N 0 =B s
where Bs is the angular root-mean-square (rms) bandwidth (measured in radians per second) of signal s(t). Consequently, when a Gaussian noise signal s(t) is employed to generate a random binary waveform b(t), it is not possible to reduce the width of the correlation function Rb(τ) of the binary waveform by means other than the increase in the rms bandwidth Bs of the underlying noise signal s(t). Unfortunately, the generation of ultra wideband noise signals is very difficult in practice.

SUMMARY OF THE INVENTION

It would, accordingly, be desirable to provide an apparatus and method for the generation of a random binary waveform with an extremely narrow correlation function suitable for ranging and other applications.

It would also be desirable to provide an apparatus and method for the generation of a random binary waveform intended for application in multi-user environments.

It would be further desirable to provide an apparatus and method for the generation of a random binary waveform resistant to deliberate intelligent jamming.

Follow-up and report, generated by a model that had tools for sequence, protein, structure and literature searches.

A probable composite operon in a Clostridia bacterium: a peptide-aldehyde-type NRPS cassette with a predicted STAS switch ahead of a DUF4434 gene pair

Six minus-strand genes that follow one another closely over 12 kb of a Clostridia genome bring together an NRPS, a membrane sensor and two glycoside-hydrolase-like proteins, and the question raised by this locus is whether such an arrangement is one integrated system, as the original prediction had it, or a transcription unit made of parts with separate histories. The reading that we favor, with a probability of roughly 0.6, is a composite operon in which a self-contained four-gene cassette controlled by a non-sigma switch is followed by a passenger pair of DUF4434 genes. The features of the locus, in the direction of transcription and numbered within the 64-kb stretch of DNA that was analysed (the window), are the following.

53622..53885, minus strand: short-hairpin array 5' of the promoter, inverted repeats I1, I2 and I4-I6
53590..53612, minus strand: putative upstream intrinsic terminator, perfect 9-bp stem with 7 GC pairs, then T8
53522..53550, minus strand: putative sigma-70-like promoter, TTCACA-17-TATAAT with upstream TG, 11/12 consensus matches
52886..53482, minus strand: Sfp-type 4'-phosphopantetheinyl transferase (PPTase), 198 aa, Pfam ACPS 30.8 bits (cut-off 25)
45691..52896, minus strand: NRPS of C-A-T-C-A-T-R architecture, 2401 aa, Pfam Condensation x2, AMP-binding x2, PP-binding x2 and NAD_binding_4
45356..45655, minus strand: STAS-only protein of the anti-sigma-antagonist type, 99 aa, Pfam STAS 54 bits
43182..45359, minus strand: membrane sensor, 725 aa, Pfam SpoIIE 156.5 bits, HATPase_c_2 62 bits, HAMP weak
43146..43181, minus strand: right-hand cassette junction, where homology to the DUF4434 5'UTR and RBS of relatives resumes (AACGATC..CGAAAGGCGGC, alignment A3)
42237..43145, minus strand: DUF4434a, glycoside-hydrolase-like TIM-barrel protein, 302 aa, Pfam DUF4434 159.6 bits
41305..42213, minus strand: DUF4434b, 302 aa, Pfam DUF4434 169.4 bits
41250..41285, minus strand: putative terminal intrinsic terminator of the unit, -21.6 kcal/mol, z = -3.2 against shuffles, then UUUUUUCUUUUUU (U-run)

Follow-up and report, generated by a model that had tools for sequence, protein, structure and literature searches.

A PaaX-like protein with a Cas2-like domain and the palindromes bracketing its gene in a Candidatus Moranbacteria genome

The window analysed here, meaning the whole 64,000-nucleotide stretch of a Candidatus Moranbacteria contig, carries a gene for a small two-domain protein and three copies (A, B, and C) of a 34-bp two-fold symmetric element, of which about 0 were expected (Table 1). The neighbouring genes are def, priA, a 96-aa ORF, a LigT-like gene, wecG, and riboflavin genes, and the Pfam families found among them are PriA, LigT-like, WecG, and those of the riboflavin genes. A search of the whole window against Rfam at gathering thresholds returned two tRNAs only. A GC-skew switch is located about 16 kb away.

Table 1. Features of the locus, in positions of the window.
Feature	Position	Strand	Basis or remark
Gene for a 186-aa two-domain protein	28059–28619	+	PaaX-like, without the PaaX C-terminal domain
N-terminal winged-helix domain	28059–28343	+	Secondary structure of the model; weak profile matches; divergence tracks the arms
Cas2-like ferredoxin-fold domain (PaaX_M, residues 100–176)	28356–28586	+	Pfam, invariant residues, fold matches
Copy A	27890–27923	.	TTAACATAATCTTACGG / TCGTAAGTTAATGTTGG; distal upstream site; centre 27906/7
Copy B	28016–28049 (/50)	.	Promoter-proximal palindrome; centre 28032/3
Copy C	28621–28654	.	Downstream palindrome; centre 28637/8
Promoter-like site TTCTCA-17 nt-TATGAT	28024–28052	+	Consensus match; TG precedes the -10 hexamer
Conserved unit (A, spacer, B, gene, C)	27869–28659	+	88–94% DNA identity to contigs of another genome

It would additionally be desirable to provide an apparatus and method for the generation of a random binary waveform with low probability of intercept.

According to one aspect of the invention there is provided a method of generating a resultant signal containing time marks, referred to herein as events, which occur at random intervals, the method comprising generating a plurality of preliminary signals each containing events occurring at random intervals and combining the preliminary signals. The combining is performed in such a way as to preserve, at least substantially, the events therein. In the embodiments described below, the combining is performed by multiplying (in either the analog or digital domain) and results in the interspersing of the events in the resultant signal. At least one of the preliminary signals contains events occurring asynchronously (i.e. without being clocked, and indeed the system of the present invention does not depend on the use of a clock).

Throughout the present specification, including the claims, except where the Context indicates otherwise, the term “random” is intended to cover not only purely random, non-deterministically generated signals, but also pseudo-random, deterministic signals such as the output of a shift register arrangement provided with a feedback circuit as used in the prior art to generate pseudo-random binary signals, and chaotic signals. Preferably, however, at least one of the preliminary signals is purely random (non-deterministic), or possibly chaotic, and contains aperiodic events.